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04-05-2019, 06:14 PM   #16
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QuoteOriginally posted by amstel78 Quote
...I'll probably end up buying a Sony mirrorless in the next few years.

I've got a K1-II, grip, Pentax 24-70, 70-200 2.8, 50* 1.4, 35 f/2 HD, 100 2.8WR, and even an Irix 15mm. I've also got a K10D and a K30(technically my daughter's). The bodies are built to survive the harshest elements. The lenses are also built like tanks with great IQ and relatively fast focus motors... but...

...Pentax AF for anything other than easily trackable objects like a bird flying more than a few hundred meters away is severely lacking. The absence of an eye-AF equivalent for portraits as well leaves me guessing and often times bracketing.


I know Pentax could implement via firmware some sort of eye-tracking ability since the K-1 uses a phase-detect system for static shots, but they choose not to. Pentax's AI focus tracking also kinda works but really doesn't for subjects that aren't traveling in a linear motion (try shooting a soccer or hockey game one day)...

The hardware is there.. the software isn't. That's the best I could probably sum up a TLDR summary.

On the other hand, Sony hasn't been sitting on their laurels. They recently released v5.0 firmware for the Sony A9. It practically redefines that camera and adds new AF functionality on top of what was already a great system. I know the A9 is stupid expensive right now otherwise I would have bought one, but Sony is also going to release firmware for their A7 III which would give full time predictive AF akin to the A9.

Not to say Sony's perfect. I don't think I'd take an A9 which costs north of $4k into a rain forest. They don't build their bodies like Pentax does. The same goes for the A7 series.


But yet, I'm still on firmware 1.03 for the K1-II which only gives support for a DA lens I'd probably never buy. Do you see where I'm going with this?

Sorry for the rant. Hate all you want. I'm a loyal Pentax owner just like most of you, but goddamn... people wonder why Pentax lost its mojo and never got it back. I think the answer's obvious.
I don't blame you, but AF in general for single point is great, locks really well especially in dimmly lit environments. In general though I equate Pentax at primarily being a landscape camera.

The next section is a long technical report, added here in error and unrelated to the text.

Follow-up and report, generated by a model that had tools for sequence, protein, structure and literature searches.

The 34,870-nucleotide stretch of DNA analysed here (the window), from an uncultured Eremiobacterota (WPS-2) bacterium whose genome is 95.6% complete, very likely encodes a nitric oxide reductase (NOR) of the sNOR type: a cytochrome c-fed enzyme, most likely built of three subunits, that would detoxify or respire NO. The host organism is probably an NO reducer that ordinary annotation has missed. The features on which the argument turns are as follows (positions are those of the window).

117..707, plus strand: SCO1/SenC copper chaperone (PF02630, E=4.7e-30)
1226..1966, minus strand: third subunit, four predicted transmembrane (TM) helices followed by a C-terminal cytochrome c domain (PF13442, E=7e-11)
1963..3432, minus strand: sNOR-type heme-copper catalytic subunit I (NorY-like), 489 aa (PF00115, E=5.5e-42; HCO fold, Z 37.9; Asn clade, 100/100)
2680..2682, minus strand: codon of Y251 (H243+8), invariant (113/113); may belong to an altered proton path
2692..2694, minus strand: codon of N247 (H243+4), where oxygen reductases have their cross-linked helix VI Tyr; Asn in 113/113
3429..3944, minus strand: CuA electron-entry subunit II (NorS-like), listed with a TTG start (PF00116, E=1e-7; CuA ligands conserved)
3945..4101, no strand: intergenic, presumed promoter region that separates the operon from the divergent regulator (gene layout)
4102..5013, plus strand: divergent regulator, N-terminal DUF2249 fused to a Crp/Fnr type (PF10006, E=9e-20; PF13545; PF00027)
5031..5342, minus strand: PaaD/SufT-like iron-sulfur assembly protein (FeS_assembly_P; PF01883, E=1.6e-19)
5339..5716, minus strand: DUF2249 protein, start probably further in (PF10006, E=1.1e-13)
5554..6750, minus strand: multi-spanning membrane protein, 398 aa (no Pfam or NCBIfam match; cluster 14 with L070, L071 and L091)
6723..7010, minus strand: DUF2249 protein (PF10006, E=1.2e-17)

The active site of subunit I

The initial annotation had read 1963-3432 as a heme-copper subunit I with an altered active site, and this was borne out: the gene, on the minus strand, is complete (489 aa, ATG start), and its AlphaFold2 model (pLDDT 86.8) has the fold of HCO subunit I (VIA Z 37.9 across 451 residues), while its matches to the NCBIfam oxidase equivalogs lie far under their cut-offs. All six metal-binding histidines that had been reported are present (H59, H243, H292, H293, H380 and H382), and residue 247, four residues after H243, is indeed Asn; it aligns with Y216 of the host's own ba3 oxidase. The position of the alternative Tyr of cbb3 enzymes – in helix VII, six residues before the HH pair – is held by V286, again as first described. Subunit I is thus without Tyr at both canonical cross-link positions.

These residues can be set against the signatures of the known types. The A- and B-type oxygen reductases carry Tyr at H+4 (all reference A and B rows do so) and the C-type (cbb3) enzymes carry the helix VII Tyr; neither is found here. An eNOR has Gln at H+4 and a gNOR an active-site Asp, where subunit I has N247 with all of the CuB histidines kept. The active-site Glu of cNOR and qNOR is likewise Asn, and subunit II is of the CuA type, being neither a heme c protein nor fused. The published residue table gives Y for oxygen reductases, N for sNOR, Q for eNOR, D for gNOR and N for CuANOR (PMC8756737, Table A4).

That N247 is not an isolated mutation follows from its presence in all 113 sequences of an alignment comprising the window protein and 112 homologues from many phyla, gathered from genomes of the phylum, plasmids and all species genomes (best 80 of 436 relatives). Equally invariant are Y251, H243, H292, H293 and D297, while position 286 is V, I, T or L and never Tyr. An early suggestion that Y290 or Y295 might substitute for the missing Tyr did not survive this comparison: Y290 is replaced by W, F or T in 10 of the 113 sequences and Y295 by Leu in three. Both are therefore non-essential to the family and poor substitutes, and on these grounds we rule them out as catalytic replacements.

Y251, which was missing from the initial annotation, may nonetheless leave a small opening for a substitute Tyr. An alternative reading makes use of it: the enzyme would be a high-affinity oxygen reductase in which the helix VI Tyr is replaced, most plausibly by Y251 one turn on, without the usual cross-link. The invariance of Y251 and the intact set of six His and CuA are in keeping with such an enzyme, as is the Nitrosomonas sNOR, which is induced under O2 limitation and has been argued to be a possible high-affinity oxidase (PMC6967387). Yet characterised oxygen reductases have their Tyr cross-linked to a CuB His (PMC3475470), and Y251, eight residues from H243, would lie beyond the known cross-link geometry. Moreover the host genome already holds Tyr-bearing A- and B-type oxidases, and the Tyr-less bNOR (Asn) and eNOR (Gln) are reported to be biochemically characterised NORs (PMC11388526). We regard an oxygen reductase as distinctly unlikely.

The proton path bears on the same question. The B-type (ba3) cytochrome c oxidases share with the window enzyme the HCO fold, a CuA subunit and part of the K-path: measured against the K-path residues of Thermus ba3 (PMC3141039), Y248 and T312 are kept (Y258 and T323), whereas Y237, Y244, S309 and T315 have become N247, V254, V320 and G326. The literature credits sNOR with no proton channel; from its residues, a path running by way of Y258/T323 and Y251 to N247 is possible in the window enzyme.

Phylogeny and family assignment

04-05-2019, 06:20 PM   #17
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QuoteOriginally posted by monochrome Quote
@amstel78 What you are experiencing is the conflict between expectations and promises, and it feels like you understand that your expectations and K1-ll’s promises are not in alignment - but you wish they’re were.
Actually, I sold all of my Canon glass including a Canon 5D (OG version) when I decided to come back to the Pentax fold. I did so for the sole reason that it was the best landscape/architectural camera out there at the time as far as cost vs. performance goes. AF wasn't a huge factor for me since most of the stuff I enjoyed shooting was stationary. That opinion changed when my oldest decided to start ice skating in winter and playing soccer in the summer. I realized at that point that the K1-II and fast Pentax glass in my bag just weren't up to the task.

QuoteOriginally posted by monochrome Quote
One thing where you’re I think just plain wrong - Pentax can’t release a magic FW update and massively improve the AF performance, especially adding features that just aren’t there. There’s a thread around here somewhere on which Bruce Banner claims in LiveView the K-1 will track an eye and maintain AF but I can’t find it and don’t recall the parameters. Part of the problem is in many cases features just aren’t well documented. I think K-1 can do things we aren’t aware of if properly set up and I know the KP does.
I could very well be wrong, but why? Is the hardware architecture that much different than what's inside a Nikon D810? or D850? The AF module in the Pentax, while lower spec'd should be able to do something similar, even if rudimentary compared to the Nikons and Canons. Same goes for the processor. The K1-II can handle large RAW files with ease; I don't see why it shouldn't be able to handle slightly more advanced AF functions if the software was there for it. If Sony can essentially revamp the A9 which is already several years older than the K1-II via software, I don't see a reason why Ricoh couldn't do the same for the K1 unless the hardware itself is already maxed out .

In my opinion though, there lies the crux of the biscuit... I don't think Ricoh wants to invest R&D time into proving camera functionality. Why spend money on a sinking ship?